I once asked a dear friend—a Carioca (the demonym for natives of Rio)—how falling in love in Rio compares to falling in love with Rio, the latter being so very common an outcome that I myself could never explain it. Maybe the two processes are similar, I realised from her inability to cite the reasons that made her love one or another during her lifetime here. Doesn’t matter if it’s a person or a place, you can always list motives without ever quite grasping why you feel love. My amor do Rio is inexplicable, yet comprehensible to anyone who’s had the good fortune to set foot here.
Nested among white beaches, blue waters and jungle-covered mountains, Rio is also home to samba, bossa nova, imperial palaces, museums and culture—a microcosm of Brazilian life. In every corner, at every glance, there are small revelations of the melting-pot that makes Brazil unique and yet so relatable to nations like India. Our skin has different shades; life in the same city goes from great wealth to creative street market survival techniques; life is often hard but smiles light up the democratic space of the beach. Our smiles grow wider at Carnival time—in the words of a Brazilian poet, “it took me a long time to understand that a mask is something a guy takes off during Carnival and wears every other day in his life”. So many lyrics, movies, articles and odes to Rio have been written, it would be an impossible list—just know that Rio makes the soul sing and die of longing even while you are there!
I’ve been visiting Rio since 1976, but it never fails to impress me whenever I return. From famous attractions such as Pão de Açúcar (‘Sugar Loaf Mountain’) and Christ the Redeemer on Corcovado to morning walks or jogs around Lagoa Rodrigo de Freitas or along the shoreline in Copacabana, Ipanema and Leblon, a visitor is easily engulfed by the city and its warm-hearted people. Despite the well-deserved party reputation and bars spread all over, Rio is also a daytime land where you can paraglide, surf, trek (Pedra do Telégrafo and Garganta do Céu being all-time favourites), visit museums, or just stop by at a healthy juice shop and lose yourself in thoughts and people-watching. No matter from where you originally are, it feels like home.
As a vegan, I’m really glad to notice the growing and reliable vegetarian/vegan options (with a special mention of places around Henrique Dummont Street, in Ipanema), especially since Brazil is known for great steak and churrascarias, all-you-can-eat barbecue restaurants where you can wolf down a hot buffet of salads, stews, rices, pasta and sushi while waiters come by holding sword-like skewers with all types of meat on it. Seafood and street delicacies are a rule on Rio’s food landscape. There are streets almost entirely dedicated to the pleasures of eating and drinking caipirinhas (Dias Ferreira Street and traditional bars like Cervantes, Rebouças, Azul Marinho, Mineiro and Jobi, to name a few). It’s almost impossible to spend an hour on the beach without tasting some typical Brazilian savouries like empadas (our round ‘samosa’), the iconic biscoitos globo (air-puffed manioc starch flour biscuits) and Mate Leão (ice-tea often mixed with lemon juice and heaps of sugar).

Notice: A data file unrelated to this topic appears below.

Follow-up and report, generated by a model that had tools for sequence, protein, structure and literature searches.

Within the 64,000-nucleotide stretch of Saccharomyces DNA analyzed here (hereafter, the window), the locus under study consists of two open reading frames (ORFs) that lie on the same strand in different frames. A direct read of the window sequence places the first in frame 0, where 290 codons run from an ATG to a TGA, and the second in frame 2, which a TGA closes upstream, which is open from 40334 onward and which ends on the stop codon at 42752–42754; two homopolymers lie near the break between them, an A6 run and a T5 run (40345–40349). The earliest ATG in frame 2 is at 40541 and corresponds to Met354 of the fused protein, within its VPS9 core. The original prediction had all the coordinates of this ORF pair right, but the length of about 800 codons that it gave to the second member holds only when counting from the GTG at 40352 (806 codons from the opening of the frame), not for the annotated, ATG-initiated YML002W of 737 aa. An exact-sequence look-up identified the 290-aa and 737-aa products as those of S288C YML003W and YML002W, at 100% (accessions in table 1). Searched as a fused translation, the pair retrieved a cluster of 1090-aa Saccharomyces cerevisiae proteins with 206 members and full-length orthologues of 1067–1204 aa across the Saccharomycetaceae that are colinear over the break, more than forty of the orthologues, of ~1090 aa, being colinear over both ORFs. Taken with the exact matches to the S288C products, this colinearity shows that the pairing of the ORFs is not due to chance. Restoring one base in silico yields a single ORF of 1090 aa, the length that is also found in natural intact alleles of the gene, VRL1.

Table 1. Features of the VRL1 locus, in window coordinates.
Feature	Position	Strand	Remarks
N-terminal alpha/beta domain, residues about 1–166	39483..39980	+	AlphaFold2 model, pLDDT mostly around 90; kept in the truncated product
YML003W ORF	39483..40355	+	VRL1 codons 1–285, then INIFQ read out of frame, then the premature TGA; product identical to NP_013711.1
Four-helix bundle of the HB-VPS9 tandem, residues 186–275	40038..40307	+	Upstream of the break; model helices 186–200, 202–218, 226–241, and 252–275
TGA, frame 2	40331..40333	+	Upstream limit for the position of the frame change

For all these temptations, Cariocas are a health-conscious species, and now exhibit a growing preference for more organic and sustainable options, including in clothing and transportation. Bike rentals are easy to find—both natives and visitors can be found on those dedicated cycle tracks. One of my dearest memories from my last visit is cycling from Leblon to Museu do Amanhã (Museum of Tomorrow, designed by Calatrava) and to the Port Zone (where several street art murals were created for the 2016 Olympics). The long way downtown was fuelled with fresh coconut water (easily found in small shops and with street vendors in Aterro do Flamengo), great views of Baia de Guanabara and good company. And pit-stops in the city centre—the Cinelândia neighbourhood, Mahatma Gandhi Square, National Theatre and the city cathedral, an amazing architectural monument.
You never know when love will come. It might be after a glimpse of sunset at Arpoador rock or of dawn at Marina da Glória. During a black-tie ball at Copacabana Palace Hotel. Over a dinner with the love of your life (or of carnival, covered in glitter) at Aprazível in Santa Teresa, after encountering a spontaneous street block (even though Ash day is long over). Or it could be while walking by the ocean in that slight breeze of salty air, listening to a man playing a guitar alongside hippies selling homemade jewellery on towels spread across the sidewalk in Leme. Or maybe during a football match in the legendary Maracanã stadium. You never know when or why but you will fall for Rio, just as I did. And for your good, I hope it happens soon.
The writer is the Brazilian ambassador to India